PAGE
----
Singapore won’t relax its regulations to attract crypto firms

October 11, 2018
Chris Wheal

Singapore’s financial regulator has no plans to loosen its rules to attract blockchain and cryptocurrency start ups, instead it wants to entrust the country’s banks to forge deeper ties with the sector.

Ravi Menon: We should not be creating a lax regulatory environment

Ravi Menon, managing director of the Monetary Authority of Singapore, told Bloomberg in an interview that the regulator was willing to help crypto firms set up local bank accounts.

“What we are trying to do is to bring the banks and cryptocurrency fintech start ups together to see if there is some understanding they can reach,” said Menon.

Cautious approach

But while Singapore has been criticised by some for taking too cautious an approach to regulation of the crypto industry, Menon says the organisation won’t bend to pressure.

“We should not be trying to create an extremely lax regulatory environment in order to attract that kind of business,” he said.

Some Singapore banks have closed the accounts of firms that provide cryptocurrency and payments services, prompting Anson Zeall, head of the Cryptocurrency and Blockchain Industry Association (Access), to ask the government to intervene.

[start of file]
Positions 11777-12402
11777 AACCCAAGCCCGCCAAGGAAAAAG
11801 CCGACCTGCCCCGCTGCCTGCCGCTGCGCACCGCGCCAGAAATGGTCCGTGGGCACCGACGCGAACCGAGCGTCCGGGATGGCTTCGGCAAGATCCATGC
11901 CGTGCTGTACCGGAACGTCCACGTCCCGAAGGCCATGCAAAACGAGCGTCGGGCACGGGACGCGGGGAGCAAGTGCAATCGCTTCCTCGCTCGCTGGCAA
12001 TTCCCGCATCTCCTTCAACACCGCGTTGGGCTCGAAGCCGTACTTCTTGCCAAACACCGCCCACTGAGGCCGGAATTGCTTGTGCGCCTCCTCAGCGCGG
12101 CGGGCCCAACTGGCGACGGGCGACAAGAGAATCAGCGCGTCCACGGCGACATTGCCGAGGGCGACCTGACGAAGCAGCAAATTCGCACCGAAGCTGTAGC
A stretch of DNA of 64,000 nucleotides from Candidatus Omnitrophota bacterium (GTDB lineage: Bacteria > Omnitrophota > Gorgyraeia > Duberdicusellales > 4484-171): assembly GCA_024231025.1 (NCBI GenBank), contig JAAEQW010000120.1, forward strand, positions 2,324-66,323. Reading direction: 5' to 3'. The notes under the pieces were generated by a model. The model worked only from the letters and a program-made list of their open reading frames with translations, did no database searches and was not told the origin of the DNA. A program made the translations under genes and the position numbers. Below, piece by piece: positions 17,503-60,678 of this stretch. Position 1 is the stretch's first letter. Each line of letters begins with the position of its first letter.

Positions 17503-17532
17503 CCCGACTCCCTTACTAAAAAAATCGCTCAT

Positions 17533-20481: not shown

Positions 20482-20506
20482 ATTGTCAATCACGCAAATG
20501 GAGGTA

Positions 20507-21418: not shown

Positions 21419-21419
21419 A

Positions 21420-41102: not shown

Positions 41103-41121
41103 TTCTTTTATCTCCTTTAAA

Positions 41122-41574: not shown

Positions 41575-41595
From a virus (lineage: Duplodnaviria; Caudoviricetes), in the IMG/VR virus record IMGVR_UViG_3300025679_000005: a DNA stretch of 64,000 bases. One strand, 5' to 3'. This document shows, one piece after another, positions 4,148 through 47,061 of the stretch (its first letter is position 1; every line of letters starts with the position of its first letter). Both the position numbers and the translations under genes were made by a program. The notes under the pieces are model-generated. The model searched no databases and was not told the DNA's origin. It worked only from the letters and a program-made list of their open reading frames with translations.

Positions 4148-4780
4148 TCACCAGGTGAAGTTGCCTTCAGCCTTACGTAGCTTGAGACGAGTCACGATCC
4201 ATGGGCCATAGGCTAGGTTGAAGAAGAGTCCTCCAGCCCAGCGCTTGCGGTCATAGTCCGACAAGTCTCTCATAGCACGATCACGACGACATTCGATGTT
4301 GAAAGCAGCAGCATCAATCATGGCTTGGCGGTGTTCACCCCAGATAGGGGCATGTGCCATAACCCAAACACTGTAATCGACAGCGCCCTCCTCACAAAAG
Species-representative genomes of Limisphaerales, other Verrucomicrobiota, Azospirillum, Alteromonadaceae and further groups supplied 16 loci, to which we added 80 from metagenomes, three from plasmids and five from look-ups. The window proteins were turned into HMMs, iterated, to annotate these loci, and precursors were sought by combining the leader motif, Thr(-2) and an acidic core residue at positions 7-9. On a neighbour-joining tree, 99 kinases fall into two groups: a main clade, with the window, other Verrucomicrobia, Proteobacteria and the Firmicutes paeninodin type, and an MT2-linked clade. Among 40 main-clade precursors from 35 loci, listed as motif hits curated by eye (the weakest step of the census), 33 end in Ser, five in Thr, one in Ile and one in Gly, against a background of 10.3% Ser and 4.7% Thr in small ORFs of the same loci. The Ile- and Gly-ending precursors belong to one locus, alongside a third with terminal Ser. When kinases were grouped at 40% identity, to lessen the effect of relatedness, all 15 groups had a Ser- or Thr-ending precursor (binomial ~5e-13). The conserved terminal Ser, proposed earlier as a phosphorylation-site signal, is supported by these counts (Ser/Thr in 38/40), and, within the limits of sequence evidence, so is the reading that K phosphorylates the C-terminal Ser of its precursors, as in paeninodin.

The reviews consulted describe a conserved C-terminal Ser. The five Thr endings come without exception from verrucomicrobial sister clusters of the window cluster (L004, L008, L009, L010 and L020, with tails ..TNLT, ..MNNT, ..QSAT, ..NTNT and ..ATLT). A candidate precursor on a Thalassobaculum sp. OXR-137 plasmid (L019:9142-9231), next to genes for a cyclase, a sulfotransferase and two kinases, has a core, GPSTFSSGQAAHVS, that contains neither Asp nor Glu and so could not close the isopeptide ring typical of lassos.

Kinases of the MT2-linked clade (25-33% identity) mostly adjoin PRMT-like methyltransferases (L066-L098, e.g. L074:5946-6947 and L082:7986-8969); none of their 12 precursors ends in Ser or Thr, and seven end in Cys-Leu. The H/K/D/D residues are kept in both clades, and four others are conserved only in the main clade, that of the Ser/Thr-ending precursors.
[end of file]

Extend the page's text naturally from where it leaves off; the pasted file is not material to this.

He said in an emailed statement late last month: “From our analysis, it appears to be common among leading FinTech hubs. If this is the case, we would urge Singapore to take a leadership role and demonstrate how to come to an effective resolution among all parties.”

Bringing minds together

Menon countered in the Bloomberg interview: “The nature of this business is a bit different, so banks may need to employ other ways in which they can establish bona fide. I hope we can bring minds together on this so that we can get over this hurdle.”

Menon remains a cryptocurrency sceptic, however: “You and I can invest in lots of very silly and dubious things. You can’t expect the government or the regulator to regulate all manner of items in which people put their money.”

Post written by Chris Wheal
Chris Wheal is editor of OpenLedger's news and features service. An award-wining business journalists himself, he runs a team of freelance journalists from across the UK and north America.

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